Proceedings of SPIE
Department of Computer Science
Multimedia systems integrate text, audio, video, graphics, and other media and allow them to be utilized in a combined and interactive manner. Using this exciting and rapidly developing technology, multimedia applications can provide extensive benefits in a variety of arenas, including research, education, medicine, and commerce. While there are many commercial multimedia development packages, the easy and fast creation of a useful, full-featured multimedia document is not yet a straightforward task.
This paper addresses issues in the development of multimedia documents, ranging from user-interface tools that manipulate multimedia documents to multimedia communication technologies such as compression, digital video editing and information retrieval. It outlines the basic steps in the multimedia authoring process and some of the requirements that need to be met by multimedia development environments. It also presents the role of video, an essential component of multimedia systems and the role of programming in digital video editing. A model is described for remote access of distributed video. The paper concludes with a discussion of future research directions and new uses of multimedia documents.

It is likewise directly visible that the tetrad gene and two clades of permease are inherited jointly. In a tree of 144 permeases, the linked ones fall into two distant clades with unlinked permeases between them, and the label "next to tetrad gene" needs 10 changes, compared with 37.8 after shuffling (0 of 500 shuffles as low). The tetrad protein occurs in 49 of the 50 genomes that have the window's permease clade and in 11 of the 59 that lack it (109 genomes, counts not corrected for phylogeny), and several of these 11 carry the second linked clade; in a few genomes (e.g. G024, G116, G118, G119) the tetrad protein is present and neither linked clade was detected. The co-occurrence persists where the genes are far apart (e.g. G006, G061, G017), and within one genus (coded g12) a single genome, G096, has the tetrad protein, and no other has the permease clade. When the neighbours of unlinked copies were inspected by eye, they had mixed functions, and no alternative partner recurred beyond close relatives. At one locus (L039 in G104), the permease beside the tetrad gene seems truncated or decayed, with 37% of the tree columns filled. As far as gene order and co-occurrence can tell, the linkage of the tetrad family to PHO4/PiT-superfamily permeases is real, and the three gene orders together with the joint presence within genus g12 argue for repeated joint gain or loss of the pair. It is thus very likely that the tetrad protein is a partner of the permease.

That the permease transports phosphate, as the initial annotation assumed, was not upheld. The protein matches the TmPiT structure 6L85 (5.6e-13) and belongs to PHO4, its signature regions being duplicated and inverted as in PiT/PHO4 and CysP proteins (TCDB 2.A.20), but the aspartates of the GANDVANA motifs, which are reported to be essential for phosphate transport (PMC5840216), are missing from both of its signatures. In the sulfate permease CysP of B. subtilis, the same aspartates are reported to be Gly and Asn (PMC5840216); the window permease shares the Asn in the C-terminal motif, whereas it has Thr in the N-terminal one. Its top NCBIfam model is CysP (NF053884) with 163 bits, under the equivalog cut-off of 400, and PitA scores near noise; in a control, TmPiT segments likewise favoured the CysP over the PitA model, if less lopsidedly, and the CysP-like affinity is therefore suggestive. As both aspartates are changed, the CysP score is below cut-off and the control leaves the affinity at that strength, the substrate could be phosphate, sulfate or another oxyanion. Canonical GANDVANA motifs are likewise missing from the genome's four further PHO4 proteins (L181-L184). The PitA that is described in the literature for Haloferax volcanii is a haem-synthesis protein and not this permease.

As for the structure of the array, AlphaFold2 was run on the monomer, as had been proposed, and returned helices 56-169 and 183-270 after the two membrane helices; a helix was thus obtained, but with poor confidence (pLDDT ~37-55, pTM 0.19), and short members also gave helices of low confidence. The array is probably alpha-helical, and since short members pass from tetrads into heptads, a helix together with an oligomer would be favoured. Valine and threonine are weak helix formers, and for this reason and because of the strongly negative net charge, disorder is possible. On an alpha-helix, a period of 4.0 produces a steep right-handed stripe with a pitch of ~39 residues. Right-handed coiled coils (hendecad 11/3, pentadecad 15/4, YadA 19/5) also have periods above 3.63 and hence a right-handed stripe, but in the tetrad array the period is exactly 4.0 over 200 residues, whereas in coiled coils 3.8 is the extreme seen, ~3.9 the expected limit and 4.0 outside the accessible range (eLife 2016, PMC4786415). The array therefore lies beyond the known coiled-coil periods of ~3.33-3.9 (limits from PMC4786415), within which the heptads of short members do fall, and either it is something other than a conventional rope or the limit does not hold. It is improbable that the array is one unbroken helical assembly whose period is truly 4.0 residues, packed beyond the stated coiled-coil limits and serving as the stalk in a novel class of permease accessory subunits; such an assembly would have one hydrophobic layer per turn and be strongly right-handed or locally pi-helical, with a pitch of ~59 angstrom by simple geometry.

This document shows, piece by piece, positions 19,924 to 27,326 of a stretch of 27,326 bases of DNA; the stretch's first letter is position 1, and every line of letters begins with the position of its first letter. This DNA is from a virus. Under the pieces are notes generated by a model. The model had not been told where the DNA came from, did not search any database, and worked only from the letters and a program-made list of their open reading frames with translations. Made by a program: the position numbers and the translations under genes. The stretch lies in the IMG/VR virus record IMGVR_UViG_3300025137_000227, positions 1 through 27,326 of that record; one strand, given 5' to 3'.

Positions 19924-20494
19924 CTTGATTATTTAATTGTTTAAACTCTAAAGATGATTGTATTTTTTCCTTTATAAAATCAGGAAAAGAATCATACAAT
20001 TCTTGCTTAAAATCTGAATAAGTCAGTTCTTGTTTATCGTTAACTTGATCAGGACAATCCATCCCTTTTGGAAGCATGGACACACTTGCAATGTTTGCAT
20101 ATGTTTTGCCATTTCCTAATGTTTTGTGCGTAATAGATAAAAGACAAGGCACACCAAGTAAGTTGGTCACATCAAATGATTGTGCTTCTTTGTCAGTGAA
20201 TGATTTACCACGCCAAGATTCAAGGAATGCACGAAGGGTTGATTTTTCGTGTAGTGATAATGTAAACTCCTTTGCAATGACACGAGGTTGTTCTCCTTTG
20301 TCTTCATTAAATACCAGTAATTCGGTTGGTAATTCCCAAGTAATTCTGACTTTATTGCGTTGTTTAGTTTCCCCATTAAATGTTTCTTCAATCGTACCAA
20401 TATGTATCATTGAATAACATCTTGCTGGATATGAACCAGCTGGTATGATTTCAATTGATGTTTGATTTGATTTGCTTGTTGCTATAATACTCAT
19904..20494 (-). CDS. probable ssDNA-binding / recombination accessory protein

Fillia Makedon, James W. Matthews, Charles B. Owen, and Samuel A. Rebelsky "Multimedia authoring, development environments, and digital video editing", Proc. SPIE 10278, Defining the Global Information Infrastructure: Infrastructure, Systems, and Services: A Critical Review, 102780H (3 November 1994); https://doi.org/10.1117/12.192187
Dartmouth Digital Commons Citation
Makedon, Fillia; Matthews, James W.; Owen, Charles B.; and Rebelsky, Samuel A., "Multimedia authoring, development environments, and digital video editing" (1994). Dartmouth Scholarship. 4035.